The Egyptian Heritage Rescue Foundation has said disaster preparedness is key to the conservation and preservation of cultural heritage sites.
The foundation has since urged the Malawi government to come up with deliberate mechanisms to rescue cultural heritage sites in times of natural and/or man-made disasters.
The foundation’s chairman AbdelHamid Salah Elshareif was speaking in Lilongwe on Monday on the sidelines of the official opening of a week-long national workshop on the first aid to culture heritage.
Elshareif is one of the facilitators at the workshop aimed to impart and equip the local staff with knowledge and the right skills for preparing for disasters, protecting, conserving and caring for national and cultural heritage sites.
He explained: “Disaster always happens. Whether it’s man-made or coming from natural disasters like volcano or tsunami, whatever.
“So, if you don’t know how to prepare for such a disaster and how to intervene to protect and to provide first aid to the cultural heritage, you cannot handle the recovery process in a good way.”
Elshareif said disaster recovery ‘takes the whole time and more money’ and a country risks losing its cultural assets; hence, the need to put in measures that will ensure cultural heritage sites are protected in case of disasters.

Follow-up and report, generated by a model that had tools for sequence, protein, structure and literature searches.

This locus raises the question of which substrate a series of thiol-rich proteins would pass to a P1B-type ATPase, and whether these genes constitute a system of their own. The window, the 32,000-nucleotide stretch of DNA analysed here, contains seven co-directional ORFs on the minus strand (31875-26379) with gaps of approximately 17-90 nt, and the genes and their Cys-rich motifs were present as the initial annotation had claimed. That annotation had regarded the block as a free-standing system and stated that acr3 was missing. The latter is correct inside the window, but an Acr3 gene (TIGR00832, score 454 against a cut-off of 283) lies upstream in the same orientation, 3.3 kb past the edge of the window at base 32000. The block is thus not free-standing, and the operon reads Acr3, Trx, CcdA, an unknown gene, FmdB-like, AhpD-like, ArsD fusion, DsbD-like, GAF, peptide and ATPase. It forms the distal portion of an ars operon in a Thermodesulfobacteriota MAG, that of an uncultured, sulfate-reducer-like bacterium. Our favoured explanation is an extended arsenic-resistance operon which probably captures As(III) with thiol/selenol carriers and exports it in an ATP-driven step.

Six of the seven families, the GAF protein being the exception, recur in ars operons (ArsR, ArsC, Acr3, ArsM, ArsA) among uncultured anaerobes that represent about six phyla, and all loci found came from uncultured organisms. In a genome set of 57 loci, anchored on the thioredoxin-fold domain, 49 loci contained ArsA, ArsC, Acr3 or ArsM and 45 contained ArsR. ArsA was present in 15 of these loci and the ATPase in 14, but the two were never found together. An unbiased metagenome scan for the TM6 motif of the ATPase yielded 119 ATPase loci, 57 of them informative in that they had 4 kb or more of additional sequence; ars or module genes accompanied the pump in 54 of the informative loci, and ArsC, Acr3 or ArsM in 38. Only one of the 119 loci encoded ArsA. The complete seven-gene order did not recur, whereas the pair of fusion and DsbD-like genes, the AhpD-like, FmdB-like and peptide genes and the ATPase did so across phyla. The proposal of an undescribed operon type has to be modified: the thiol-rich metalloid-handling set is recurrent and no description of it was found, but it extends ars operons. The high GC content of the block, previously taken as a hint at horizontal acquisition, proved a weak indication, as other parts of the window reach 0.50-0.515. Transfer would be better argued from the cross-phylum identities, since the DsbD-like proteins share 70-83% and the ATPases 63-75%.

“[So], you need to know exactly [what’s] the right methodology of protecting the cultural heritage from the disaster and damage. Otherwise, you lose what you have.
“After this workshop, I expect the professionals to form a network to make a national strategy to protect and mitigate the disaster effects,” he enthused.
In his remarks, deputy secretary for the Ministry of Civic Education, Culture and Community Development Symon Maliko said Malawi faces a number of disasters, which pose a serious challenge to efforts to conserve and preserve cultural heritage sites.
Maliko cited floods, earthquakes and bushfires as some of the disasters that have proven to be a danger towards efforts of preserving and conserving cultural assets.